In the mid-twentieth century, a grassroots movement of women--mostly white, middle-class, and conservative--sought to shape the political, cultural, and social ideologies of the baby boomers in what they perceived was a quickly changing world poisoned by communism.
In Challenge and Change, June Melby Benowitz draws on a wide variety of primary sources to highlight the connections between the women of the Old Right, the New Right, and today's Tea Party. Through interviews, as well as through their letters to presidents, editors, and one another, Benowitz allows these women to speak for themselves. She examines the issues that stirred them to action--education, health, desegregation, moral corruption, war, patriotism, and the Equal Rights Amendment--and explores the development of the right-wing women’s movement and its growth from the mid-twentieth into the twenty-first century.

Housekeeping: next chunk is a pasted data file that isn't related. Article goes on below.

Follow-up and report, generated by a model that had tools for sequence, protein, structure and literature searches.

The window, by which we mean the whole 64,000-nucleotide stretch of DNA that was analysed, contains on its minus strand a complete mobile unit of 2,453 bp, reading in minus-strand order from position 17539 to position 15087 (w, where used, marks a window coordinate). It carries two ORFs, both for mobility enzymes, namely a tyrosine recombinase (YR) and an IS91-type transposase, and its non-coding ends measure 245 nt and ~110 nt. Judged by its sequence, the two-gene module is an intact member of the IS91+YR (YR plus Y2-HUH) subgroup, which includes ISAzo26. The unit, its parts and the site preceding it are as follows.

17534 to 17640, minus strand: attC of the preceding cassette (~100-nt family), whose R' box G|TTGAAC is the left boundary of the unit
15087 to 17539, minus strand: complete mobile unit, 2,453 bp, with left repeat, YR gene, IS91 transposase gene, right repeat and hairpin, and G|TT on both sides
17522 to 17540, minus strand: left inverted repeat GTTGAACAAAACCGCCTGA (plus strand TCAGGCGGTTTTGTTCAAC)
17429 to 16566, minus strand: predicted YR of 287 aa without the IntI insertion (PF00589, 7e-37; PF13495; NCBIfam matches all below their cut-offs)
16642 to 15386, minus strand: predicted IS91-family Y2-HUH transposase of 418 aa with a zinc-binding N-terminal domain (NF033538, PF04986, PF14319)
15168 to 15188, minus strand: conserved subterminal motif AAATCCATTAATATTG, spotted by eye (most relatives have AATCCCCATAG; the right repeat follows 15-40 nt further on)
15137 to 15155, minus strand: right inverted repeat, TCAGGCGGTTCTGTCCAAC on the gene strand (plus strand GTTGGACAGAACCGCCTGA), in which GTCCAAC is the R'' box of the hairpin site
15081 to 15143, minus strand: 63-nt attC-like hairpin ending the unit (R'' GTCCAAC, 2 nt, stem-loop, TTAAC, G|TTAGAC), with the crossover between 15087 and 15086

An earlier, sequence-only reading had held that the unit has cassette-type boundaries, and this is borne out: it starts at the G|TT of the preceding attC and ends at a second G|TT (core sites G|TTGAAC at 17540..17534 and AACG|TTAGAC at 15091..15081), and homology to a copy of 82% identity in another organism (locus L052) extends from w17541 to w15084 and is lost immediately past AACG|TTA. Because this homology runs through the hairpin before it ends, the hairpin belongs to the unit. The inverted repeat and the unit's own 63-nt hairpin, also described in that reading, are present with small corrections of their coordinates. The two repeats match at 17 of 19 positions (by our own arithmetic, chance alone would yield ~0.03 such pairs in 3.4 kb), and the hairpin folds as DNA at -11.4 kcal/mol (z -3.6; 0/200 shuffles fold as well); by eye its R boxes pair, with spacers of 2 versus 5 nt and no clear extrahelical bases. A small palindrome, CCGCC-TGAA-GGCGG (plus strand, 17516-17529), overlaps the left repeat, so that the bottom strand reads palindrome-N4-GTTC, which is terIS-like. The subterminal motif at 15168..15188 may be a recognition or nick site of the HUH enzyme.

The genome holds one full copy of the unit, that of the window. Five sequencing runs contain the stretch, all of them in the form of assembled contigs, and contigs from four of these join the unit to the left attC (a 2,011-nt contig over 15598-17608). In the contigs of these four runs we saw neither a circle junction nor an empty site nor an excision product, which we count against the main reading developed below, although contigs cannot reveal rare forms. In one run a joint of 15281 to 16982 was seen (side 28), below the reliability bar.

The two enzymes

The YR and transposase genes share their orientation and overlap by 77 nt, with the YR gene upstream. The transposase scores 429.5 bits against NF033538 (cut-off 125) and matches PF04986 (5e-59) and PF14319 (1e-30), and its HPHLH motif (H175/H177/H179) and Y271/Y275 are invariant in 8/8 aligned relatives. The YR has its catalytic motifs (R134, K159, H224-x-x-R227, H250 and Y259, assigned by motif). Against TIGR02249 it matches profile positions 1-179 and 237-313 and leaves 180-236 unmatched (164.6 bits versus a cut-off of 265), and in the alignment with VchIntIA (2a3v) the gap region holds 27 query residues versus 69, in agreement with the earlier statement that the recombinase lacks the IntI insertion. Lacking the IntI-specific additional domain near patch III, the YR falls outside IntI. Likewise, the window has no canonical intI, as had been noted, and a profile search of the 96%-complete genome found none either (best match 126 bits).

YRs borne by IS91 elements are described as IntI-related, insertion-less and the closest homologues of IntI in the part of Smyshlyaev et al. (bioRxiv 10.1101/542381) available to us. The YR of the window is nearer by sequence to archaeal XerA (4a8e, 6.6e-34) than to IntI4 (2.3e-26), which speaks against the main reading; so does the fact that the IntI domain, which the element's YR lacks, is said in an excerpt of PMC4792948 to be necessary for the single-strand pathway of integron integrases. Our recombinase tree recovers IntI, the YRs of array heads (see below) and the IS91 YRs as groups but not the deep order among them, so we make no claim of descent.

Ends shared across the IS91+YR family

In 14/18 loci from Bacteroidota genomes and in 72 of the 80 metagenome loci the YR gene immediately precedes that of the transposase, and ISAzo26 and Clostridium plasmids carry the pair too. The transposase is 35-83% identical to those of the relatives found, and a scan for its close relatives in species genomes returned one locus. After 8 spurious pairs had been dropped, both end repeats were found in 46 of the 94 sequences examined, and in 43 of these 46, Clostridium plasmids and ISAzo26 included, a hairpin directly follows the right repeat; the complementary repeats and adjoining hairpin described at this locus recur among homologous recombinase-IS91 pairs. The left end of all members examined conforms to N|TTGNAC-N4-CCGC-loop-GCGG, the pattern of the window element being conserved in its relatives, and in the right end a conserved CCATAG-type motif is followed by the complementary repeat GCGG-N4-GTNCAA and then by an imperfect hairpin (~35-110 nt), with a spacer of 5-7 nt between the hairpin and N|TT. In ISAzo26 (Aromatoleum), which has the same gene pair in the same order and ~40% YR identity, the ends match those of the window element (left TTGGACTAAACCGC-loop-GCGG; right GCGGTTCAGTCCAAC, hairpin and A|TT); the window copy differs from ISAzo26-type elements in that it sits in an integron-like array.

June Melby Benowitz is associate professor of history at the University of South Florida Sarasota-Manatee and the author of Days of Discontent: American Women and Right-Wing Politics, 1933-1945 and Encyclopedia of American Women and Religion.
Publisher: University Press of Florida